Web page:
Yoga at the Salerno Center also emphasizes the ancient tradition of Ayurveda. Ayurveda is the earliest form of medicine, spanning over 5,000 years, and is the standard of mind-body medicine. The Ayurvedic approach is comprehensive and prevention oriented, focusing on balance within the body as opposed to disease. Ayurveda emphasizes the connection of the mind with nature in disease prevention. Although it has deviated in the modern era, yoga was thought to be a primary component of Ayurveda, and to be used as a crucial medical treatment.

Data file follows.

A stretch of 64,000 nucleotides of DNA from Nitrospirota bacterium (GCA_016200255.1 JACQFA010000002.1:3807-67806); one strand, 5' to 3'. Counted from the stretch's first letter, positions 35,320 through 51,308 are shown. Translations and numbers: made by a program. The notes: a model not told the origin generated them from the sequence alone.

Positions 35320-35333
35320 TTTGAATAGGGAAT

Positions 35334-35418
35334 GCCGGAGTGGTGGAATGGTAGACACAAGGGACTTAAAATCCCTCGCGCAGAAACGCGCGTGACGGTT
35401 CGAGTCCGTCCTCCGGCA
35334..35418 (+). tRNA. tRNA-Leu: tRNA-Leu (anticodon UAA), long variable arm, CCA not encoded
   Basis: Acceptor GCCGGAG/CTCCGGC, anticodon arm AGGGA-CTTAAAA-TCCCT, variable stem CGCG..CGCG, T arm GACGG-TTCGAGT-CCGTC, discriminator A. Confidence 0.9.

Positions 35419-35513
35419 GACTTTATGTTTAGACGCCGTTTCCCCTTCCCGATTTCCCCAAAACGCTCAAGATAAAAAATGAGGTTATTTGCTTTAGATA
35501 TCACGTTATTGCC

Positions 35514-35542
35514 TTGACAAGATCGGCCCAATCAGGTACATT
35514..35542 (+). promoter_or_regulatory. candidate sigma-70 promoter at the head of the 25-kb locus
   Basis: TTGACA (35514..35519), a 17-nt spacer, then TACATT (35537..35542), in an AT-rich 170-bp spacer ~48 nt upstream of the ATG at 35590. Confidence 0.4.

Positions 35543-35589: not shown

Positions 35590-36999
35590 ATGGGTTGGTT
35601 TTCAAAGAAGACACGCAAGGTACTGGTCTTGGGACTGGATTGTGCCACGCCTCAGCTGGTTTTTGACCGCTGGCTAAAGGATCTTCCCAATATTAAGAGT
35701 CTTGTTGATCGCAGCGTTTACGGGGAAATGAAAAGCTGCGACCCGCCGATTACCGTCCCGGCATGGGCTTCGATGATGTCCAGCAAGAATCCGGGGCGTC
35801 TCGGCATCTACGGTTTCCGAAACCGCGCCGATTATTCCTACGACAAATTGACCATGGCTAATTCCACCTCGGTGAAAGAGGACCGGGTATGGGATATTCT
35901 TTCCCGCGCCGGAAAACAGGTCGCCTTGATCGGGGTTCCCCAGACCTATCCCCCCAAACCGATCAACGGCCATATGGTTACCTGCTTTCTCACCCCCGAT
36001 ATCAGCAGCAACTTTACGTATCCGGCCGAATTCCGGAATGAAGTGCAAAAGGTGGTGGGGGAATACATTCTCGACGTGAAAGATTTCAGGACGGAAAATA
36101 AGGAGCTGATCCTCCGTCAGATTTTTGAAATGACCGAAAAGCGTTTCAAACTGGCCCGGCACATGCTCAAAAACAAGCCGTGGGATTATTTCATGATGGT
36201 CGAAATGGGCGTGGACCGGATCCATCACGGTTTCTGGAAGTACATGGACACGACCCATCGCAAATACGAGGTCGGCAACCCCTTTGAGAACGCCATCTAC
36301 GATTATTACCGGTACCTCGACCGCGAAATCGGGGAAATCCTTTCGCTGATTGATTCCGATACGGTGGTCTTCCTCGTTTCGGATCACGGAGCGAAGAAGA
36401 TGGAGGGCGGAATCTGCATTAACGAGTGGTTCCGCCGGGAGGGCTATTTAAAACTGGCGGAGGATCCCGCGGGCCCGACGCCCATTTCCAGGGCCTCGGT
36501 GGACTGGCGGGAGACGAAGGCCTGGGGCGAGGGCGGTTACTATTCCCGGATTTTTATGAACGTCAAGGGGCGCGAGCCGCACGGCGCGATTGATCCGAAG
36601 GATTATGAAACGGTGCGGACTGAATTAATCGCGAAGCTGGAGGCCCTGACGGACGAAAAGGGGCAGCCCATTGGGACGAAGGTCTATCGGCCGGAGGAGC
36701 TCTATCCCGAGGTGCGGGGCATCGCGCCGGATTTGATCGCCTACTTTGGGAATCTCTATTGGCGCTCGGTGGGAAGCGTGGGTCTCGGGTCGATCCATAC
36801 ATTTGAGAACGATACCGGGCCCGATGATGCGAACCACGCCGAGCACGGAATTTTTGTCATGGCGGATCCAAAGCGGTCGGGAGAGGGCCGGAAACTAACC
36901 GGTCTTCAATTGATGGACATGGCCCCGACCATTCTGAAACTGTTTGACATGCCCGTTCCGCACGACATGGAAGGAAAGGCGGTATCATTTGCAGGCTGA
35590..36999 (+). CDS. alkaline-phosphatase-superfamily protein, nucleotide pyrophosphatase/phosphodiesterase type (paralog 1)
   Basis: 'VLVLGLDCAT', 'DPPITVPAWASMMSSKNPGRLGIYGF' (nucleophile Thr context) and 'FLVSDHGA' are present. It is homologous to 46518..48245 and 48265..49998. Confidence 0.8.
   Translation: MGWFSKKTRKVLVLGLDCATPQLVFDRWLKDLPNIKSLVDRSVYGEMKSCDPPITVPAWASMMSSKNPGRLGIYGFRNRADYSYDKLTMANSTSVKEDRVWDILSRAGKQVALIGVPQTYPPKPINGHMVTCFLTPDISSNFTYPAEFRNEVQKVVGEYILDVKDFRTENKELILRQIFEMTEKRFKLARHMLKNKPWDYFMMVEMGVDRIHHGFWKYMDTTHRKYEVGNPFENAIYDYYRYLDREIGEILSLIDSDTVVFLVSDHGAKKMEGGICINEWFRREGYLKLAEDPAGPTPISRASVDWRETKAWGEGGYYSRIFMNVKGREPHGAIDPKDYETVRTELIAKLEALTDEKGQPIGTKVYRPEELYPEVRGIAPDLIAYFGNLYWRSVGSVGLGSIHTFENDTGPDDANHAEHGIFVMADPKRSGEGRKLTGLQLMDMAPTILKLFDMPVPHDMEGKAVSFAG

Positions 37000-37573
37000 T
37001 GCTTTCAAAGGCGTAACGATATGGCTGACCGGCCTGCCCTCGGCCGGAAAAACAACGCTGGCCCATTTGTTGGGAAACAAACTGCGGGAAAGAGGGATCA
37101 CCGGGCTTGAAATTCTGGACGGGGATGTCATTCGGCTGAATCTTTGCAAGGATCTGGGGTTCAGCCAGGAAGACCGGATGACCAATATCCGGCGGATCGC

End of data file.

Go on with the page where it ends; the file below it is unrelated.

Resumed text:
Who is the Instructor?
Linda Alvarez is a certified yoga teacher and medical student. After finishing her bachelor’s degree and the first half of medical school at the prestigious Sophie Davis School of Biomedical Education, she received her 200-hour yoga teacher training from Sacred Sounds Yoga. This past summer, Linda decided to delay her third year of medical school at New York Medical College to study yoga, meditation, and the ancient medical practice of Ayurveda. Linda has been trained in pre and post-natal yoga, restorative yoga, therapeutic yoga and chair yoga. Linda has also focused on the medical aspect of yoga and has studied yoga for the lymphatic, immune, circulatory and nervous systems. Along with her adult training, Linda is a certified kid yoga teacher through the Urban Yoga Foundation. Linda teaches in a unique style that combines her medical knowledge with her love of yoga.